Wattage is the power applied to a speaker. More power usually means more volume. The sound pressure that a speaker will produce will be defined by the power applied, the resistance or impedance of the speaker (a lower impedance speaker will be louder) and the sensitivity of the speaker as a whole (the efficiency to turn the power into sound).
The vibrations from the speaker that the instruments are connected to.
The sound quality isn't determined by the amount of power it can handle, in this case, 400 watts. What determines the sound quality of the speaker is the design of the speaker itself.
A microphone connected to an amplifier and speaker(s).
A speaker is a device used to translate electronic impulses into sound. "I connected a speaker to my iPod so that everyone could hear the song."
Check your speaker wire, make sure that it is connected to the radio and the speaker.
speaker is an output device. It is said as an output device because, most of the speakers are used to hear audio/sounds. The inputs to hear sound from a speaker can be > power/electricity > a device to play the sound (that may be a mic, vcd, dvd, mp3 player or even your computer)
Connect audio cables to the Audio Out on the DVD player to the Audio In connectors of the speaker system.
Turn the power off, disconnect the speaker wire from both front speakers, connect the right speaker wire to the left speaker, at this time the original left speaker wire should be laying in the floor not connected to anything, be sure not let the paired speaker wires TOUCH each other. Turn the power back on and turn up the volume to normal level. If you hear sound from the Left speaker, one would tend to think the Right speaker might be bad. If you Don't hear any sound, the amplifier or speaker wire might be bad or a poor connection. IF there is a Balance control, be sure it is in the middle and not turned all the way to the left, which would cause the front right speaker not to have any sound.
No, the speaker has a negative and positive port, they both need to be plugged into for it to work. if they aren't, then the speaker will not create sound
a speaker is a device for sending out sound. a woofer is a speaker designed for low bass sound a tweeter is a speaker designed for high treble sound
dead connection in the speaker leads if you have a dmm (multimeter) test the wires to see if any signal is sent
In laymen 's terms, yes. But the "Watts" of a speaker is not what the total power of the speaker is. The are usually two different ratings for speakers to determine the total power. One is "RMS", which means root-means square. And the terms "peak or continuose power". A speaker can be 400 Watts, 360 RMS, 390 continuous power. That means it will take an amp at least 400 Watts to drive the speaker properly. And the speaker will perform at 360 Watts RMS, and peak out at 380 Watts continuous power. Remember, u can't blow a speaker from overpowering it. Only from under power. The speaker will distort and sound horrible from overpowering, but it will not blow.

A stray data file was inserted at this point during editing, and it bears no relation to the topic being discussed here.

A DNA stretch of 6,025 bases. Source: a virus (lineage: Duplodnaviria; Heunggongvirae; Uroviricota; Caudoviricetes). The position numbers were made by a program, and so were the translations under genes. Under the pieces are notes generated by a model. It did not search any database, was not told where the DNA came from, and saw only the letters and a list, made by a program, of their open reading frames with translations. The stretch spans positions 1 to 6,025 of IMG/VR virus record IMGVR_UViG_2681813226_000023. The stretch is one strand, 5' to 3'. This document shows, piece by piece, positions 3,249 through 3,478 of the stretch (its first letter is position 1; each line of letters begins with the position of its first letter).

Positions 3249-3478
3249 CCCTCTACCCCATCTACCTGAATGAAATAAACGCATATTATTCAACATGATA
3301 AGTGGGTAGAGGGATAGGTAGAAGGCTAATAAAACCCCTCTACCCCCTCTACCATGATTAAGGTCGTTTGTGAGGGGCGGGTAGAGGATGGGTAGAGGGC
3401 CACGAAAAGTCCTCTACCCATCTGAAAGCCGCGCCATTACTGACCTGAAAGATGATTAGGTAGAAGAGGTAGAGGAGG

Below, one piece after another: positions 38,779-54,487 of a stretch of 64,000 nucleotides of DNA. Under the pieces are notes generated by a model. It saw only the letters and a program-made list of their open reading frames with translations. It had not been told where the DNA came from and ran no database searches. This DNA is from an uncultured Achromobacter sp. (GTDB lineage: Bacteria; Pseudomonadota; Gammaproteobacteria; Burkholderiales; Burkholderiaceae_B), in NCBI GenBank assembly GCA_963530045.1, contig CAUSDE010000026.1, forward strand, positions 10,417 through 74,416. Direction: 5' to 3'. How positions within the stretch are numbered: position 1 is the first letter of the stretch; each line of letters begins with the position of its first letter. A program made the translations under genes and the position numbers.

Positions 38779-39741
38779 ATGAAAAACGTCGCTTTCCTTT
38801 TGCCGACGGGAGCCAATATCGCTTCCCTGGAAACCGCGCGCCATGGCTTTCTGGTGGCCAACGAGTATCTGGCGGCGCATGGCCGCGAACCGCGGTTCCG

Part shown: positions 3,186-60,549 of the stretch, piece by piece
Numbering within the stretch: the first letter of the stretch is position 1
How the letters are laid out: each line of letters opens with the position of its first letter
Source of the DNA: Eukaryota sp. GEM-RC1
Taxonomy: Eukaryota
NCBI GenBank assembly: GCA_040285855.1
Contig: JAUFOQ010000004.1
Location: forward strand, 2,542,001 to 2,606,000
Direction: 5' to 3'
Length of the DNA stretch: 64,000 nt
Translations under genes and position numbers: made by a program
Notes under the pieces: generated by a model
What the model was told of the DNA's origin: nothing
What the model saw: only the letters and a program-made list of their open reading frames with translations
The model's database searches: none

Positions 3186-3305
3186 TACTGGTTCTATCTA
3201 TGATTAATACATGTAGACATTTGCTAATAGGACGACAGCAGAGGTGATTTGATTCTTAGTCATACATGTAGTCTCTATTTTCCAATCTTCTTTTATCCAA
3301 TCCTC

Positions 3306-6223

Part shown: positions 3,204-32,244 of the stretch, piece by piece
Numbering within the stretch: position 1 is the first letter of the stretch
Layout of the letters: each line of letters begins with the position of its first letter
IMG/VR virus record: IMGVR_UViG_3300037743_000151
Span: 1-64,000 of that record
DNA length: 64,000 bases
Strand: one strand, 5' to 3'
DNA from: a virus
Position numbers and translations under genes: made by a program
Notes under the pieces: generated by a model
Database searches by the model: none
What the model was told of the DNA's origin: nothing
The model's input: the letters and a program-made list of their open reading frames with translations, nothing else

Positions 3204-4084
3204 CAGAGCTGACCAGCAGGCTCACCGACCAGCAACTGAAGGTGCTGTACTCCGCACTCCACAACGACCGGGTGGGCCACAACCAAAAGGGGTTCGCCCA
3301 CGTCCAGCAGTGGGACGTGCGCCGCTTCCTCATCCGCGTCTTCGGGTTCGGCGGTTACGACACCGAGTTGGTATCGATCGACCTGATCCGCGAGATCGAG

In general, you cannot connect a pair of speakers to a computer, because the computer's sound board does not normally include a power amplifier fit to drive a speaker.It might be possible to drive very small speakers with a high impedance directly from a sound board's headphone output, though.Note that most "PC Speakers" can be directly connected to a computer's audio output because the speaker itself contains a power amplifier. Strictly speaking, such a speaker is a combination of a loudspeaker and an amplifier (sometimes also called an active speaker).
Sound is what you hear with your ears for instance when you listen to someone speaking . Audio is the name for signals as they amplified and proscessed by an electronic circuit , if connected to a loud speaker and you lisen to the speaker then you are listening to sound . That is my interpretation so you may get some different views. Pete
The ohm. of a speaker have nothing to do with sound quality.
The purpose of a speaker is to produce sound. With respect to the circuit, it uses up some power, which is provided by other parts of the circuit. The generic name for elements that are designed to consume power is "load".
If there is power in the radio but the system is lacking sound then there is a problem with the speaker connections. On the 1997 Dodge Dakota check the speaker connections with a spark tester. If no spark trace the wires to find any loose or incorrect connections.
I have a mutant CD player, Sony xplod 800w subwoofer and a SPLX 800 amplifier. These are all connected, I have power and ground connected, the lights are lit up on the amplifier. Also the subwoofer has "life", I can hear when it turns on and off, but no sound is played through it when I put music on. Is this a problem with the CD player headunit or the connection from that to the amp? Thanks!
Check the connection on your center channel speaker. If that doesn't work then go through the set up menu on the DVD player and audio receiver to make sure your set up is correct.
An electromagnet drives the stereo speaker to provide the sound.
Only one I can think of: Sound that you can hear. If you don't need sound, you need no speaker.
The power rating of a speaker is not based on its size. It is based on its design, how much power it is capable/requires to properly reproduce sound signals with minimum distortion and without damage to the speaker.
The gramophone used a large bell shaped device to amplify the sound. A record player amplifies sound electronically and sends it through a dynamic speaker.
Electrical - mechanical - sound. From electrical energy, electricity is passed unto an amplifier, a microphone or a cdplayer is connected to the amplifier. The amplifier then change the sound entering it into mechanical energy. Then sound is passed out through a speaker cable givin sound energy